“It’s time to wise up and take a chance on something different because what we’ve been doing for the same thing, we’ve been getting the same thing, and getting the same results,” Silk said in a 2016 interview with Complex about her support for Trump over Hillary Clinton. “Only a fool would fight in a burning house.”

And just like that, Diamond and Silk took off. Trump trotted them out during both the Republican primary and the presidential campaign. At a December 2015 rally in North Carolina, he brought them out onstage. “They became an internet sensation. I hope you’ve monetized this,” he said. “Do your little routine.”

They appeared at pro-Trump rallies and with other pro-Trump women, including the president’s daughter-in-law Lara Trump and spokesperson Katrina Pierson, on the campaign trail and were often seen on television and networks such as Fox News and CNN. “Being a business person, you don’t tell all your secrets, you don’t talk a whole lot, you keep that inwards and strategically plan out how you’re going to do it. Instead of just talking about it, you be about it,” Silk said in an August 2015 interview with CNN’s Don Lemon.

Post-election, the pair’s commentary has continued. Their response to a graphic photo of Kathy Griffin holding up a beheaded Trump has garnered 240,000 views on YouTube. Another video in which they juxtapose themselves into an episode of the daytime talk show The View has been seen more than 500,000 times.

In October 2017, the pair released a rebuttal to rapper Eminem’s anti-Trump rap with one of their own, “He’s Your President.” It’s an overlay of Eminem’s freestyle in which he calls Trump a “kamikaze” and declares, “We fucking hate Trump,” with Diamond and Silk repeating, “He’s your president, Trump’s your president.”

Diamond and Silk’s unexpected star has kept rising. The pair sell a variety of merchandise on their website, including T-shirts, glassware, hats, and even the “Trump’s Your President” single. They’re currently selling tickets to their “chitchat live tour,” with stops all over the country. Admission starts at $50.

That they are good at monetizing their brand is not necessarily a surprise — their parents, Pastor Betty Willis Hardaway and her husband, Freeman, are local televangelists. According to the Washington Post, their Hardaway’s Herb Garden in North Carolina sells a “colon cleanse parasite,” a Super Fat Binder Package, “blessed dream pillows,” and “love offerings.”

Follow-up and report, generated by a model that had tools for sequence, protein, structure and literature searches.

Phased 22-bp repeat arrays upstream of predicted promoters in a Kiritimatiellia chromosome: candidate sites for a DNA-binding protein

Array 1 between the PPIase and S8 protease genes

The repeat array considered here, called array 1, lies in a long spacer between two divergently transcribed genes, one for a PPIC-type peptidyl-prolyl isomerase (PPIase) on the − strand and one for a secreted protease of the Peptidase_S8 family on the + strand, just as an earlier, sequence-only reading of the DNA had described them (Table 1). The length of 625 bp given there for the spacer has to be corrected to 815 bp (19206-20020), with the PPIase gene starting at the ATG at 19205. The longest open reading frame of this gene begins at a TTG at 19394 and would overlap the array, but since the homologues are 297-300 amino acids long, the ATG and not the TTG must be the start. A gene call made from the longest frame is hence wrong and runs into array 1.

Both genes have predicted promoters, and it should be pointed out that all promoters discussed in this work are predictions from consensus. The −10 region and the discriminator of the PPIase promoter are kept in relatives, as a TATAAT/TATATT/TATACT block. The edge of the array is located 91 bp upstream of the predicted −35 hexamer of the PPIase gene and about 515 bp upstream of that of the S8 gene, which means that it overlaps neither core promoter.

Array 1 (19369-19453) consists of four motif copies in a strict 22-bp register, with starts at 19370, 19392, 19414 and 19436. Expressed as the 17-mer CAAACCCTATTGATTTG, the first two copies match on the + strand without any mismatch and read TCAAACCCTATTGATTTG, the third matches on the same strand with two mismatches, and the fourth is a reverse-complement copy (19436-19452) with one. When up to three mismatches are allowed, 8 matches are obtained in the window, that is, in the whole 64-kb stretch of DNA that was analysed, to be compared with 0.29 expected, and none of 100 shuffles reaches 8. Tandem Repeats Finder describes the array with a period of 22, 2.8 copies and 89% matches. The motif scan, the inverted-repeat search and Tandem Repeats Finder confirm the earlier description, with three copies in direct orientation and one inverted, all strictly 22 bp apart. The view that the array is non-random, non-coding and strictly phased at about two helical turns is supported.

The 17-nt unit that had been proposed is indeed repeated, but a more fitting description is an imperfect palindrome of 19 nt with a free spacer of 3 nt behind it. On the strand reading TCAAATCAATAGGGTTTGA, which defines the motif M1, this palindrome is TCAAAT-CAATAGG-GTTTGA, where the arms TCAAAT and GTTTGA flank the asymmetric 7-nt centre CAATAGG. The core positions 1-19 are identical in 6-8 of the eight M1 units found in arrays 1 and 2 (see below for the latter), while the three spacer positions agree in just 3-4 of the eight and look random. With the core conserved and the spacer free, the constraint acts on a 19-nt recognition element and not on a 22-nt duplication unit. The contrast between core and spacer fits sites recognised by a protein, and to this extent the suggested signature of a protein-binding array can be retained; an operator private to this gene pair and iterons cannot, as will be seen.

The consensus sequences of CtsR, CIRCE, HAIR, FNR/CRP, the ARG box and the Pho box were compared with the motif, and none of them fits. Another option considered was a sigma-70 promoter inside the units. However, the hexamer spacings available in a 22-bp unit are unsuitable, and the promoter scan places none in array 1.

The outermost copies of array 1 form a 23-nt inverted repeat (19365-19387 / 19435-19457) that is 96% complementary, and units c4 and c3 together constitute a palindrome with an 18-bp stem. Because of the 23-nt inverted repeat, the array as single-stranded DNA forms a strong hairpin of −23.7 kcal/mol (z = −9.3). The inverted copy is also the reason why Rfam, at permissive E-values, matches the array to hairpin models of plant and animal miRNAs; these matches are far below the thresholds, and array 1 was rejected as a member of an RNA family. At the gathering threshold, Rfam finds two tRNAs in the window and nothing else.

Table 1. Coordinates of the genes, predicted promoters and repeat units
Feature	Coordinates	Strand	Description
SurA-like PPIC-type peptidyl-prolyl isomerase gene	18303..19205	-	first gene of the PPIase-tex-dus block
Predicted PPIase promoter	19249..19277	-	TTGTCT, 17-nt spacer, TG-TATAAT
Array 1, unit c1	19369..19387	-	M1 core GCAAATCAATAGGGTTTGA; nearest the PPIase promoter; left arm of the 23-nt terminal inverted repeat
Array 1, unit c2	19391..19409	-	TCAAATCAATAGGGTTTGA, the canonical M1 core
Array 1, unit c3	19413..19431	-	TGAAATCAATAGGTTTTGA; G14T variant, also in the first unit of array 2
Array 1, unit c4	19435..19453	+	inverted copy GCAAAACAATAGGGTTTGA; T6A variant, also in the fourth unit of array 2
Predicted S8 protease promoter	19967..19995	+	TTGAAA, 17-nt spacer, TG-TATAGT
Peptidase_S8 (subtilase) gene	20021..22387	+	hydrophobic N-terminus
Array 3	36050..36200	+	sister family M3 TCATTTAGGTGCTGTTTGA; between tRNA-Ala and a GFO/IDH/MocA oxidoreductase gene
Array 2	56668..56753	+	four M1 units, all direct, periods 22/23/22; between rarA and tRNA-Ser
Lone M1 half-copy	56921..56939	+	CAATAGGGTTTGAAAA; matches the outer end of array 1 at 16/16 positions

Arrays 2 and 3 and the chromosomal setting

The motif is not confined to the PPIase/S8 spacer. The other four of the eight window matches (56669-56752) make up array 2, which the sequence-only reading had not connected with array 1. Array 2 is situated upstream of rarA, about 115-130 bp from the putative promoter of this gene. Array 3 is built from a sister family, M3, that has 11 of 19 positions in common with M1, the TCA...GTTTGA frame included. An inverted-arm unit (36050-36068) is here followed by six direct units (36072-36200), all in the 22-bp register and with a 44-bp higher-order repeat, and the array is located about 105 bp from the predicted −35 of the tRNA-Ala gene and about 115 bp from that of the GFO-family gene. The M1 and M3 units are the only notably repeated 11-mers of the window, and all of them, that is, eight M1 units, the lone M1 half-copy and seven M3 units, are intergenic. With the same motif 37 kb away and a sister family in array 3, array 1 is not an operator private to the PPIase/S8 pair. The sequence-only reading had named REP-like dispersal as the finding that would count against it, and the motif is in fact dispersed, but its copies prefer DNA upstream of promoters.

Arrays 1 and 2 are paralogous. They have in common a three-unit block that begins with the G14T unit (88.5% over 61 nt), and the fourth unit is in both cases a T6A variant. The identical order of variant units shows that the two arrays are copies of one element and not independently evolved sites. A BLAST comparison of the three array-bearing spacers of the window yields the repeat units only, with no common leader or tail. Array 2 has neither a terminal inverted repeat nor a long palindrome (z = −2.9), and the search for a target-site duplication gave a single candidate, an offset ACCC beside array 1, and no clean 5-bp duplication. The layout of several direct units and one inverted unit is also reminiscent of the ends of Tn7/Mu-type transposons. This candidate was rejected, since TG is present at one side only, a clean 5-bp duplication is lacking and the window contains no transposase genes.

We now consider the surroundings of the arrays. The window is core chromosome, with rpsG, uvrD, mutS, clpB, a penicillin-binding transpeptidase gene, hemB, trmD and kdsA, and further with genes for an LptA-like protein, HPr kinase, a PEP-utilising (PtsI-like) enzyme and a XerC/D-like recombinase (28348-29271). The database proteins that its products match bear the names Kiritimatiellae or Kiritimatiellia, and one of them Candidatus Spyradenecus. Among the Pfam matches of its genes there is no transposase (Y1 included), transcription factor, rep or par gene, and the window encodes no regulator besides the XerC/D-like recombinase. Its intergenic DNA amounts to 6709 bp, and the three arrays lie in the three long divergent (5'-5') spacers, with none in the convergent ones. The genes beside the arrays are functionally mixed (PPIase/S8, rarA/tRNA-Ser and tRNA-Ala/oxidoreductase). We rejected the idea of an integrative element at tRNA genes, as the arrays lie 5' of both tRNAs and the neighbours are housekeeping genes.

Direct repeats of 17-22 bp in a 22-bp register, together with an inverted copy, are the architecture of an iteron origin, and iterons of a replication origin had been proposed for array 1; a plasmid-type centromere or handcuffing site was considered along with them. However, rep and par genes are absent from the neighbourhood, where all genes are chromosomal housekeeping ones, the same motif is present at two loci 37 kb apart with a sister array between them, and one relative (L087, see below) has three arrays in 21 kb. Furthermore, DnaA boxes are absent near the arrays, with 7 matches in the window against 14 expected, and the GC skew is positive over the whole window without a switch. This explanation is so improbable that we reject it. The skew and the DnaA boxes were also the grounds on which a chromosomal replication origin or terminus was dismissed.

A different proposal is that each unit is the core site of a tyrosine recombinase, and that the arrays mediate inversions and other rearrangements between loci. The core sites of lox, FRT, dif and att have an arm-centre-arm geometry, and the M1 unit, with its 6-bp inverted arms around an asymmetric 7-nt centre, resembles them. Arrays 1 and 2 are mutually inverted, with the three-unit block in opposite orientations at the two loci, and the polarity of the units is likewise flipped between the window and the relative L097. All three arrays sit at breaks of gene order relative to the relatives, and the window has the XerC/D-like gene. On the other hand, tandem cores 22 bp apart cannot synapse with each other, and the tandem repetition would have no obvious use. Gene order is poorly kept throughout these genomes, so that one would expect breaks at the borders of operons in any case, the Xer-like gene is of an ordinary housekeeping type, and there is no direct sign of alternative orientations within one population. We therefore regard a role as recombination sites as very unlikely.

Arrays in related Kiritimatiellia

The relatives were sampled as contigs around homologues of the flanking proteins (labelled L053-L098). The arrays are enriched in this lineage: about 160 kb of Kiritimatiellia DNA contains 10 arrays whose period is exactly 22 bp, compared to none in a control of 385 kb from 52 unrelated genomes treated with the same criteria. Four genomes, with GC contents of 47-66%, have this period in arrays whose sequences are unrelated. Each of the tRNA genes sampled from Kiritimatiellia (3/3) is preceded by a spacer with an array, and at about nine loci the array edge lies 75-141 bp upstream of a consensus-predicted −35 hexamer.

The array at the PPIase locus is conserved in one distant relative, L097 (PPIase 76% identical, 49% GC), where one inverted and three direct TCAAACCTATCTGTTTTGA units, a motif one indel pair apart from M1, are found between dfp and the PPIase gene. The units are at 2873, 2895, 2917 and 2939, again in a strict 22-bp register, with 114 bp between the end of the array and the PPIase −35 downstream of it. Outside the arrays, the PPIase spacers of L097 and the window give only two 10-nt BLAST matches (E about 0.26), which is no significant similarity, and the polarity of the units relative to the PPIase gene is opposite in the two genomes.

Diamond and Silk don’t necessarily appeal to black voters — but that’s not what they’re going for

The purpose of Diamond and Silk within the Republican Party and the MAGA crowd is not to convince black voters to support Trump but instead to give those who already lean toward Trump cover to back him. Just 4 percent of black women voted for Trump in 2016.

“Because you have a black woman who is a spokesperson for Donald Trump doesn’t mean that black women on the ground are going to vote for Donald Trump. Black women think [his policies] are going to be hurtful to them,” Wright Rigueur said. “But what it does do is provide a kind of legitimizing cover among the base, among people who are already supportive of Donald Trump.”

In other words: How can Trump be racist if these two black women support him? The Post notes that most of Diamond and Silk’s Facebook fans appear to be middle-aged white women.

Not only do Diamond and Silk fold neatly into Trumpworld, but they also fit the mold of the type of black Republican the party is comfortable with, Fields told me. They articulate Republican issues — perhaps especially those around race — in a way that is consistent with the party line that racial inequality, racial bias, and racism are sort of non-problems. In one Fox News interview, for example, Diamond said, “Trump is not a racist. He’s a realist. And the only color he sees is green.” The pair recently complained they had previously been stuck on the “Democrat plantation.”

“I don’t think there’s much substantive to the critique, but it’s a rhetorical critique that has existed since the late 1970s and ’80s, this idea that black Republicans somehow are seeing differently than other black people, they have some special vantage point on politics,” Fields said. “This is a consistent trope, especially among black Republicans who want to deemphasize the importance of race and racism in their politics.”

It’s not uncommon for Republicans to bring out high-profile cheerleaders within the framework of everyday Americans — think of the McCain-Palin campaign’s Joe the Plumber in 2008. Diamond and Silk are somewhat more unusual as black women, but even that isn’t entirely an anomaly; the GOP also has Stacey Dash, Omarosa, and Pierson. Their ultimate appeal isn’t to black voters but to white ones.

“It’s absolutely not aimed at black audiences. ... One of the worst ways to reach out to black audiences is to call them slaves or say they’re cheap or brainwashed or on the Democratic plantation,” Wright Rigueur said. “It performs a kind of validation to the base — in this case, Donald Trump’s audience — and says, ‘Everything that you’ve thought, everything you believe is true, I as a black person am validating that.’”

Republicans are using Diamond and Silk in their narrative about Facebook censoring conservative content

Diamond and Silk have continued to be prominent figures online and in conservative media circles, and every once in a while, they’ve managed to break through to the mainstream as well. They did, to a certain extent, with the Eminem response. But a Facebook moderation blunder and Republicans’ desire to cast the platform as an anti-conservative space has pushed them more into the limelight.

Diamond and Silk in 2017 began to say Facebook and other tech platforms, such as YouTube, were limiting the reach of their posts. Then in April 2018, the sisters said Facebook told them their posts were “unsafe.”